Industry savvy and community-minded media professional with more than a decade of experience in print journalism, celebrity interviewing, and arts-based/non-profit/higher education public relations and marketing. Areas of expertise are writing, editing, photography, pagination, social media management, public speaking, youth development, community relations, course creation, instruction, and mentoring.
Baton Rouge-based journalist, poet and photographer whose poetry – mostly done in narrative form – addresses culture, ancestry, journalism, and womanhood. Past member of two National Poetry Slam teams (2011 and 2014) and Baton Rouge representative at the 2014 Women of the World Poetry Slam, ranking in the upper quadrant (Poetry Slam, Inc.). Select works have been published and featured on various outlets, including Passages North, and archived on IndieFeed: Performance Poetry. Author of full-length book of journalism-inspired poetry titled, The Newsroom (2015, Next Left Press).
Rap and hip hop music became major tools for advertising, marketing, and branding in the mid-1980s. It is likely the perception of cool that works well for advertisers, coupled with the ever-growing popularity of the genre among younger audiences. Over the years rap has been used as a means of drawing in consumers not familiar with it but fascinated with its elements, as well as rap fans seeking to emulate popular artists. Since the mid-1980s, rap has been used to sell everything from clothing to cars, cell phone providers, computers, beverages, food, lint rollers, and dolls.
Alfred Banks aptly named his recently wrapped solo tour #TheTherapyTour. The up-and-coming New Orleans emcee has been building success over the last few years while his musical focus has shifted: He's openly addressing mental health and promoting a more well-rounded depiction of the human inside of the rapper persona.
For Cornelius Roy, owning a vegan restaurant is a form of activism.
Inspired by his own woes of not being able to dine out freely as a vegan, the New Orleans native started Vegan Friendly Foods. The restaurant opened on Nov. 21 at 4608 Bennington Ave. in Baton Rouge.
Horatio Isadore poured his first cup of coffee eighteen years ago at House of Java—a shop he opened in his hometown of Alexandria, La. Even though his first-day sales totaled just $7.48, he said he knew he was in the right business. In years to follow, House of Java moved into the Southern University Law Center where it was quite successful. But Isadore noticed the need for an off-campus shop in north Baton Rouge—a shop that he would one day open. On March 5, he did just that with Southern Gr...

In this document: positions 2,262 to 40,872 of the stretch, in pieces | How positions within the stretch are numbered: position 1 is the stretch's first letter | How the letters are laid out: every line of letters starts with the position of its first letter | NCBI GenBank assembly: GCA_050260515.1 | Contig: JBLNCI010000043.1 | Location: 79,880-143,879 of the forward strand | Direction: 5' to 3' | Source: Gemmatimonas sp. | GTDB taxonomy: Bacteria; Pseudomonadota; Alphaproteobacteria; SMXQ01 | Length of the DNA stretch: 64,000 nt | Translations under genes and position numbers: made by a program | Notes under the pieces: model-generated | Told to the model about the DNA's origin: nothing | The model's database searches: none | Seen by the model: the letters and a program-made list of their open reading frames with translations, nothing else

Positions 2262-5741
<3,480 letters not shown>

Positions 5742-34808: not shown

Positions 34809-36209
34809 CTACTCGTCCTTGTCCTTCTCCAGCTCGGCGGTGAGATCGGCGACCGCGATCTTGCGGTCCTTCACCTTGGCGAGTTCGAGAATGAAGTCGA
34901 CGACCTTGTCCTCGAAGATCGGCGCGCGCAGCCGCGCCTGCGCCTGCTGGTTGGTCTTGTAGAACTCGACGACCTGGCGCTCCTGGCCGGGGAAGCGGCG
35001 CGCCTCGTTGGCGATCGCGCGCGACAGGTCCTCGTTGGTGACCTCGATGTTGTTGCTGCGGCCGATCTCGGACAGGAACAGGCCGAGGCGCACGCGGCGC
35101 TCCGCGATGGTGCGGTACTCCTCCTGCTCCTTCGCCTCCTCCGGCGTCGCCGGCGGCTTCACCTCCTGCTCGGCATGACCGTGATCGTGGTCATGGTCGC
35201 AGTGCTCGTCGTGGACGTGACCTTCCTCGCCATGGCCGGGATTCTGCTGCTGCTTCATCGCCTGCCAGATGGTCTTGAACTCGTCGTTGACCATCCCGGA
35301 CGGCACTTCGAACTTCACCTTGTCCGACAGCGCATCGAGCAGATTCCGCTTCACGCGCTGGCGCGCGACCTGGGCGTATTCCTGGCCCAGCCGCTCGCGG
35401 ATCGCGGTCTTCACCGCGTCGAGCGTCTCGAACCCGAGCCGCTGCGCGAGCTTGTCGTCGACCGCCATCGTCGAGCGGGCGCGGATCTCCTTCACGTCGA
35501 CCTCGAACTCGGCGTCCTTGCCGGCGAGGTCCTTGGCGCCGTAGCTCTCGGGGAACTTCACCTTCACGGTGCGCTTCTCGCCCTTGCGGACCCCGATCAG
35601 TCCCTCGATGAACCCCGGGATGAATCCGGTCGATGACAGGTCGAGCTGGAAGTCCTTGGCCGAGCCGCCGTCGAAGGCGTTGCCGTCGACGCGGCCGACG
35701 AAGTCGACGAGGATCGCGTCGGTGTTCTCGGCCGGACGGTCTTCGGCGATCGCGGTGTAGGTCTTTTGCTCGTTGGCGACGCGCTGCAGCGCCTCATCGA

Bootsy Collins has made a career out of fun music and exciting costumes. He was a pivotal member of the funk culture in the 1970s with the band Parliament-Funkadelic, a collective known for characters, costumes and outer space themes, which gave way for Collins’ childhood sketch-inspired star costume and bass guitar design.
Throughout the years, he has continued to be a representative of the funk, taking just three years away from the stage during his entire career. This week, he returns to the road, embarking on the yearlong #iGiveaFunk Tour. And he’s completely sober.
The birthplace of rap music and hip hop culture is undoubtedly the Northeast of the United States. Although hip hop originated in New York, nearby states, including Pennsylvania, New Jersey, Connecticut, and Rhode Island, have also been major contributors. Whether coining hip hop slang, creating mini movements, founding subgenres, or writing rap anthems, the Northeast has been pivotal in moving hip hop to its elevated place in popular culture.
Today, officials from Baton Rouge Community College, the Louisiana Community and Technical College System, Baton Rouge Area Foundation, East Baton Rouge Redevelopment Authority, and other distinguished guests and community leaders gathered to cut the ribbon on The Automotive Collision Training Center at the BRCC Ardendale Site. This ceremony will officially begin the second phase of automotive training programming available at BRCC since the ribbon cutting of the McKay Automotive Training Cen...
Dr. Rani Whitfield has so far lived out a fair share of his dreams. Affectionately known as The Hip Hop Doc — a title he's also trademarked — the Baton Rouge native and general practice physician has played a little college basketball, created a comic book series, "The Legion of Health," learned the bass and co-founded the band U4ria with his friend, Merrel Porché Jr.
Former BRCC student reprises Black Panther stunt role as Jabari Tribe member in Avengers: Infinity War
Former Baton Rouge Community College student, Floyd Anthony Johns Jr., will appear in the upcoming film, Avengers: Infinity War, in a reprisal of his stunt role as a member of the Jabari Tribe from the Marvel Studios film, Black Panther. The Jabari Tribe served as members of Black Panther character, M’Baku’s (Winston Duke) army and were featured in the prominent fight scene that took place during the downfall of the film’s villain, E...
In summer 2012, 24-year-old Teach for America corps member Lucas Spielfogel was tapped as Executive Director of then-three-year-old Baton Rouge Youth Coalition (BRYC) to continue its budding legacy. Charged with growing the program in participants, supporters, and results, Spielfogel immediately got to work advancing BRYC’s mission of preparing high-achieving, under-resourced high school students to enter, excel in, and graduate from college.
Now, nine years in, BRYC has served hundreds of st...